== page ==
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LA City Council Endorses Helicopter Regulation Bill

The bill would set minimum flight altitude regulations on helicopters.

Northeast Los Angeles residents are no strangers to the sounds of Helicopters hovering low overhead. 

Whether it Police helicopters pursuing a suspect, or news crews angling for an aerial view of a developing story--Angelenos are well acquainted with the sounds of the "chopper." 

However, On Tuesday, the Los Angeles City Council voted in favor of legislation proposed by Rep. Howard Berman (D-Valley Village) that would provide some relief from the sound of buffeting blades.

From the LA Times:

The council voted to endorse a bill by Rep. Howard L. Berman (D-Valley Village), who held a public hearing last week in Sherman Oaks to hear from residents whose neighborhoods are affected by noisy, low-flying helicopters.

If passed, the measure would direct the FAA to establish flight paths for helicopters and set minimum altitudes at which they can operate over certain areas of the county.

Support for the bill was non unanimous. Councilmember Richard Alarcon dissented, according to the times, citing concerns that it would prevent law enforcement officials from effectively doing their jobs.

LAPD Northeast Detective Richard Ortiz did not comment directly about the bill, but said that helicopters played a critical role in crime enforcement.

"I think they are very important, they are the first ones on the scene," he said. "If there's an incident, and we know it's involving a red car, the guys in the helicopters are going to be the first ones to get there and get the location of the red car. That kind of thing leads to arrests on a daily basis."

 

 

Michael Hampson August 18, 2012 at 11:43 PM
Let's be honest. People are jealous when others can fly in helicopters and they can't. The best analogy would be trains. What type of pollution did trains make when they were first invented? Horrible smoke. Did they stop trains from running? No, but the technology changed. What about steel mills? Pittsburgh skies used to be filled with smoke. Did they shut down the plants? No, they changed the technology. What about helicopters? What is happening with helicopter technology? I'm sure no one has done any research in this department. In the United States, here are a few rotorcraft research facilities: Aeromechanics Flight Vehicle Research and Technology Division (NASA), Flight Vehicle Research and Technology Division (NASA), UC Santa Cruz NASA Ames Research Center, Georgia Tech Rotorcraft Center of Excellence, The Alfred Gessow Rotorcraft Center, Rotorcraft Center, The FXB Center for Rotary and Fixed Wing Air Vehicle Design, University of Dayton Research Institute and the Penn State Vertical Lift Research Center of Excellence. Canada has their National Research Council Canada. And here are a few in Europe: ONERA (French Aerospace Lab), DLR - (Germany's National Research Center for Aeronautics and space) and NLR in The Netherlands. What are the goals of these research facilities? Better materials, better rotorblades, higher fuel efficient engines, lower sound levels and a better passenger experience. Instead of hate, educate.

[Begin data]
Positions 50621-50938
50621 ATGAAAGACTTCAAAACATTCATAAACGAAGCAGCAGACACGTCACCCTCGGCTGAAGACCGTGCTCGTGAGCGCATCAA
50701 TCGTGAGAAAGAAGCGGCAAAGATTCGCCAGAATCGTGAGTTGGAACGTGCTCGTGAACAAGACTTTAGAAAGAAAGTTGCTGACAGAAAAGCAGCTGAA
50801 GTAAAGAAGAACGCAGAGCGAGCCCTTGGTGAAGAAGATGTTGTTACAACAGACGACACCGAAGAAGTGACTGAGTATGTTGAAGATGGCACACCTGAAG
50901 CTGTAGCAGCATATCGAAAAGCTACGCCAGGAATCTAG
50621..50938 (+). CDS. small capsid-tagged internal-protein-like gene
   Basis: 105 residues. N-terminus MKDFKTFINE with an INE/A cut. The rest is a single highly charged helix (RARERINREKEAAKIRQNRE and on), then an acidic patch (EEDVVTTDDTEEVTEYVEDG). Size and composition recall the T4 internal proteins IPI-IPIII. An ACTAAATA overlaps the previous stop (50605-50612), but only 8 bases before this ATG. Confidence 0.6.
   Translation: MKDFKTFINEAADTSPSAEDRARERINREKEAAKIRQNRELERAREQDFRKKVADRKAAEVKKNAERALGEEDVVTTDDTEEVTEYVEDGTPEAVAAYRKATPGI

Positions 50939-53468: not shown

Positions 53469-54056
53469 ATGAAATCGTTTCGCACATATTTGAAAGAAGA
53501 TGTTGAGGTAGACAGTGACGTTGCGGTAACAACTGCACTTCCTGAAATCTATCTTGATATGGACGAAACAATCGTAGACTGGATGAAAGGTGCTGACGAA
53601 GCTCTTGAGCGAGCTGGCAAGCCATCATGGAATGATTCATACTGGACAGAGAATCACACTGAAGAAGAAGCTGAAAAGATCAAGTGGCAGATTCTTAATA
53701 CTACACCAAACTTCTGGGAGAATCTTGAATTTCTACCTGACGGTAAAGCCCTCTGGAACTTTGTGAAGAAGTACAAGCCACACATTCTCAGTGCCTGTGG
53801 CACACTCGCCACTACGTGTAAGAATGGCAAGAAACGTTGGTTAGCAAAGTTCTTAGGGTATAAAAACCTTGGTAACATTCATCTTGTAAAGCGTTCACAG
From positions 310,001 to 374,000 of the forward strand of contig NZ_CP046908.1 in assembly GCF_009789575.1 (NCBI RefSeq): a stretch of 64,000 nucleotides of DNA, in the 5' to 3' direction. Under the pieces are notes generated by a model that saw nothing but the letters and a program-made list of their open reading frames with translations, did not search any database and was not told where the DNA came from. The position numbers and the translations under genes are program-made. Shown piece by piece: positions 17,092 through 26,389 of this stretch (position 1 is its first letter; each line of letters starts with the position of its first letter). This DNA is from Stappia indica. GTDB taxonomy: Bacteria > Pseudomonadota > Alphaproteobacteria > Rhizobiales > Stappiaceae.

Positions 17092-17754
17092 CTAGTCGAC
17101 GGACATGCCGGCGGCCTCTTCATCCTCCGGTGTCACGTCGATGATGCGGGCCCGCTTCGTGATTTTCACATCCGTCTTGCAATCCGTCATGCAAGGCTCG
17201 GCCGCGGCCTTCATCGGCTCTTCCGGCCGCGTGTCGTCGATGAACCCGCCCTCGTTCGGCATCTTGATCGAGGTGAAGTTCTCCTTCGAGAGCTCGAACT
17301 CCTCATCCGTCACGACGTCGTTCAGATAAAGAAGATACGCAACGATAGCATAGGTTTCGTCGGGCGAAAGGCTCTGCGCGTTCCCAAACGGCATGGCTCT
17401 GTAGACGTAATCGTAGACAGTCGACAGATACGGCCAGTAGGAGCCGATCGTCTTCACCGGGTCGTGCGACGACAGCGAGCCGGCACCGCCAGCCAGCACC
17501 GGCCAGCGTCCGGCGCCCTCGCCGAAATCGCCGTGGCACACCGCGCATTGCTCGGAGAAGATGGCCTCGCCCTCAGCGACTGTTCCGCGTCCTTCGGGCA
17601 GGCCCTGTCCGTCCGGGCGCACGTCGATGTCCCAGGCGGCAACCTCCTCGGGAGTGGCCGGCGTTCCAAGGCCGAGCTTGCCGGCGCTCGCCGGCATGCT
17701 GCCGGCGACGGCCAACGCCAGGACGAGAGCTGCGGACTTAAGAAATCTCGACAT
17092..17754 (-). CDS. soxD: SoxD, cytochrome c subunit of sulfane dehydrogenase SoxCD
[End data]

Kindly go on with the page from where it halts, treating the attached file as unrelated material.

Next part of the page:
frank van neutra lautner August 18, 2012 at 11:48 PM
Yep... you're definitely trolling.
Michael Hampson August 18, 2012 at 11:50 PM
Once again: 1) No one is commenting on the fact that if they owned a helicopter, were offered a ride in a helicopter or rescued in a helicopter, that they would not complain about helicopter noise. 2) Helicopter haters refuse to tell us if they will be the first card carrying member of the "Helicopter Haters Club." This is where you carry a printed card in your wallet which states, "I refuse to be rescued, for any reason, by any helicopter (public or private) because helicopters make too much noise."
frank van neutra lautner August 18, 2012 at 11:56 PM
Michael, your mother is calling you.
shuttup HAMson September 19, 2013 at 01:53 PM
Hi Hamson. looks like you're the VERY proud owner of a helicopter (and doesn't look like you even live in highland park: http://www.linkedin.com/pub/michael-hampson/4b/106/558 How self-righteous you are being for the sake of your own vested interests. Here is my perspective, before about 2 years ago, I always felt like I got away from L.A. when I arrived to my home on Mt. Washington. Since then the helicopter traffic seems to have increased exponentially. I can't tell which they are, but I suspect it is mostly media. Even if it is police, it's really looking like they are hanging out up there 24/7 rather than responding to specific calls. I am writing this now as the third helicopter of the morning passes overhead, just shy of 11:00 am. I personally love the designs of helicopters. I find them to be the most graceful of all mankind's very noisy means of traveling. At the same time I feel we make waaay too much noise doing any of it, and create far too much pollution. I sense we can do better and don't for many reasons. I would love to fly in one and will always be thankful when they are used to save lives in emergencies, and this is not jealousy, just appreciation. Jealousy would require that I think your helicopter makes you a more complete human being than I am, and I don't. I will continue to impose checks on how we utilize versus abuse their benefits in the spaces I share with other human beings outside my little bubble. To answer you directly Hamson, I would not carry your card in my wallet, though I would have second thoughts about getting in your helicopter. Question for you: I wonder- how much time you've spent in Highland park (outside of your helicopter)?

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